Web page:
Now the State Department is moving to fire [Van Buren] based on eight charges, ranging from linking on his blog to documents on the whistleblowing site WikiLeaks to disclosing classified information.
Reports Reuters via the Huffington Post:
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The anti-secrecy group WikiLeaks began publishing on Monday more than five million emails from a U.S.-based global security analysis company that has been likened to a shadow CIA.
The emails, snatched by hackers, could unmask sensitive sources and throw light on the murky world of intelligence-gathering by the company known as Stratfor, which counts Fortune 500 companies among its subscribers. Stratfor in a statement shortly after midnight EST (0500 GMT) said the release of its stolen emails was an attempt to silence and intimidate it.
It said it would not be cowed under the leadership of George Friedman, Stratfor’s founder and chief executive officer. It said Friedman had not resigned as CEO, contrary to a bogus email circulating on the Internet. Some of the emails being published “may be forged or altered to include inaccuracies; some may be authentic,” the company statement said.
“We will not validate either.
When it comes to abuses, the government is using severe punishment of high-profile whistleblowers as a method of encouraging silence, TomDispatch writes:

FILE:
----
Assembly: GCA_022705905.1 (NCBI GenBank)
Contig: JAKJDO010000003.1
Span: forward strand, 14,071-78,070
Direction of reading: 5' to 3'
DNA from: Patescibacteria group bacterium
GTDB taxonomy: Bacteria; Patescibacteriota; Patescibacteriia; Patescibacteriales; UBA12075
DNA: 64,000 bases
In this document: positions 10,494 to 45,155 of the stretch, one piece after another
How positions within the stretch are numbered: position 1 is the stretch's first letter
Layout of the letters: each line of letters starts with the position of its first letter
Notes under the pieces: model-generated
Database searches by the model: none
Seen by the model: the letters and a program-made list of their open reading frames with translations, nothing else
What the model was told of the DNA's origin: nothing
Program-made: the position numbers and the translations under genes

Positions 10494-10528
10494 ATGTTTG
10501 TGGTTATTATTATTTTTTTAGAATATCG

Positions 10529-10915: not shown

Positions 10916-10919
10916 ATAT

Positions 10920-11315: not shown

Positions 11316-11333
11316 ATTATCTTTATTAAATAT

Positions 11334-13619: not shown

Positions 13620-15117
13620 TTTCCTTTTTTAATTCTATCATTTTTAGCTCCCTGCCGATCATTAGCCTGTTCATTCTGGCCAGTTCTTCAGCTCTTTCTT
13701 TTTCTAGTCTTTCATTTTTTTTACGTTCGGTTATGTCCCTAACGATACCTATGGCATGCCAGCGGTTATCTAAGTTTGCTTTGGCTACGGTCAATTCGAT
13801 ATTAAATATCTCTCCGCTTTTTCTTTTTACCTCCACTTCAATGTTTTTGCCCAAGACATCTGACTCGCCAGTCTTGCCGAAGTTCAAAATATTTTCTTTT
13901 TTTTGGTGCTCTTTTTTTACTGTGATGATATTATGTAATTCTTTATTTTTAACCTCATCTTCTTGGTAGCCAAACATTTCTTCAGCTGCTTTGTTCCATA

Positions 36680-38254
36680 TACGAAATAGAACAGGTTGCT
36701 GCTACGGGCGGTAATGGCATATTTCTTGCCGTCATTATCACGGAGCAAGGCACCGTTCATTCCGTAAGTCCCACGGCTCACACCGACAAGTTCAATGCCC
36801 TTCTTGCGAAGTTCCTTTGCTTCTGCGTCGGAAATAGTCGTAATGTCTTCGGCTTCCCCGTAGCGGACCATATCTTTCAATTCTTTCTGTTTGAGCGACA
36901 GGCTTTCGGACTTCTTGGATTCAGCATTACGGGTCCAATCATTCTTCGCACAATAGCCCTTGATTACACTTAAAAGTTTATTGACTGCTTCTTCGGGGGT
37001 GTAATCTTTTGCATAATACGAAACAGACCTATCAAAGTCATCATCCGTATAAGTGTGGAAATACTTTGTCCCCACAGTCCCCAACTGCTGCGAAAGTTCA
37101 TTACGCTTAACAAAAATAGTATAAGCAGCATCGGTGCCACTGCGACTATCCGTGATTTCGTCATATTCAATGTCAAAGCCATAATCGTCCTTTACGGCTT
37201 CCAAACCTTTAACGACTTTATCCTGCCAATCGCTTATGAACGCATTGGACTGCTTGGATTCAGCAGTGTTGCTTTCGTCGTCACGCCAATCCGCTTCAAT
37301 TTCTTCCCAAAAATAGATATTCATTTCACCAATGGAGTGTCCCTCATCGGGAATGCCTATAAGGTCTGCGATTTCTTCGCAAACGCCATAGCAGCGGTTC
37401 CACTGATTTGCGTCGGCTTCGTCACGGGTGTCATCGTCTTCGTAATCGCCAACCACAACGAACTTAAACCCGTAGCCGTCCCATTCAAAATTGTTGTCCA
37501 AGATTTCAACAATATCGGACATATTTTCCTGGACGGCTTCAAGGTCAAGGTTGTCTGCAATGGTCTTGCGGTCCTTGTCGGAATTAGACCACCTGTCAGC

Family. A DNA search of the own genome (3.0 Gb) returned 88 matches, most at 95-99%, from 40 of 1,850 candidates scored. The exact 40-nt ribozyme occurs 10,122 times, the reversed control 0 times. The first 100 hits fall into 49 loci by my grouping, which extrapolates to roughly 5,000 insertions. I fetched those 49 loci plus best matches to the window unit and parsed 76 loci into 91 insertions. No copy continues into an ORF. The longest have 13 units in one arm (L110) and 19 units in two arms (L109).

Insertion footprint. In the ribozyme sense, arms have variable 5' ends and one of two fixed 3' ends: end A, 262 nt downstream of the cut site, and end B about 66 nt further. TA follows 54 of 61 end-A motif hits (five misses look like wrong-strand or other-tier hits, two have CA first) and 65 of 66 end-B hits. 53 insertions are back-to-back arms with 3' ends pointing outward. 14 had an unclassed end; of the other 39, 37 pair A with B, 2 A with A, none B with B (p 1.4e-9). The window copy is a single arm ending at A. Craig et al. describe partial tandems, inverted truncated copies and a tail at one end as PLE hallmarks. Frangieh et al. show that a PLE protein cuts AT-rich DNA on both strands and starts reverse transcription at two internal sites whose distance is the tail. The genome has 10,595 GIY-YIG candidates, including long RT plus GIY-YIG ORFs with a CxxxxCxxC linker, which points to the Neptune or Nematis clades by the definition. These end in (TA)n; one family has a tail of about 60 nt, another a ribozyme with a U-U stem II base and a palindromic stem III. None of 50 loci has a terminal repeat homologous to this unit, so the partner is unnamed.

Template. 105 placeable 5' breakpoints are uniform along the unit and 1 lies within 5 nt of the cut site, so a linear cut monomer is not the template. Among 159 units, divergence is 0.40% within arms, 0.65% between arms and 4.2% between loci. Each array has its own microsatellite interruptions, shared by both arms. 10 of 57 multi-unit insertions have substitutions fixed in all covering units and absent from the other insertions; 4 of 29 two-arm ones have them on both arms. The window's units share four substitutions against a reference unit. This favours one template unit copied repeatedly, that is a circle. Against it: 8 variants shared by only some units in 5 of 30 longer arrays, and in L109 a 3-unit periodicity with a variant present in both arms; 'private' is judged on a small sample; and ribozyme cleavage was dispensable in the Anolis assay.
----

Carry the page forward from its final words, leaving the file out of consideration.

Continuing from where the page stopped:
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On January 23rd, the Obama administration charged former CIA officer John Kiriakou under the Espionage Act for disclosing classified information to journalists about the waterboarding of al-Qaeda suspects. His is just the latest prosecution in an unprecedented assault on government whistleblowers and leakers of every sort.
The Obama administration has already charged more people—six—under the Espionage Act for alleged mishandling of classified information than all past presidencies combined. (Prior to Obama, there were only three such cases in American history.)
By now, there can be little doubt that government retaliation against whistleblowers is not an isolated event, nor even an agency-by-agency practice. The number of cases in play suggests an organized strategy to deprive Americans of knowledge of the more disreputable things that their government does. How it plays out in court and elsewhere will significantly affect our democracy.
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Where are the criminal prosecutions of the major corporations responsible for the oil spill in the Gulf of Mexico? Still nowhere to be found. Where are the prosecutors? Where is the Environmental Protection Agency (EPA)? Not prosecuting major polluters.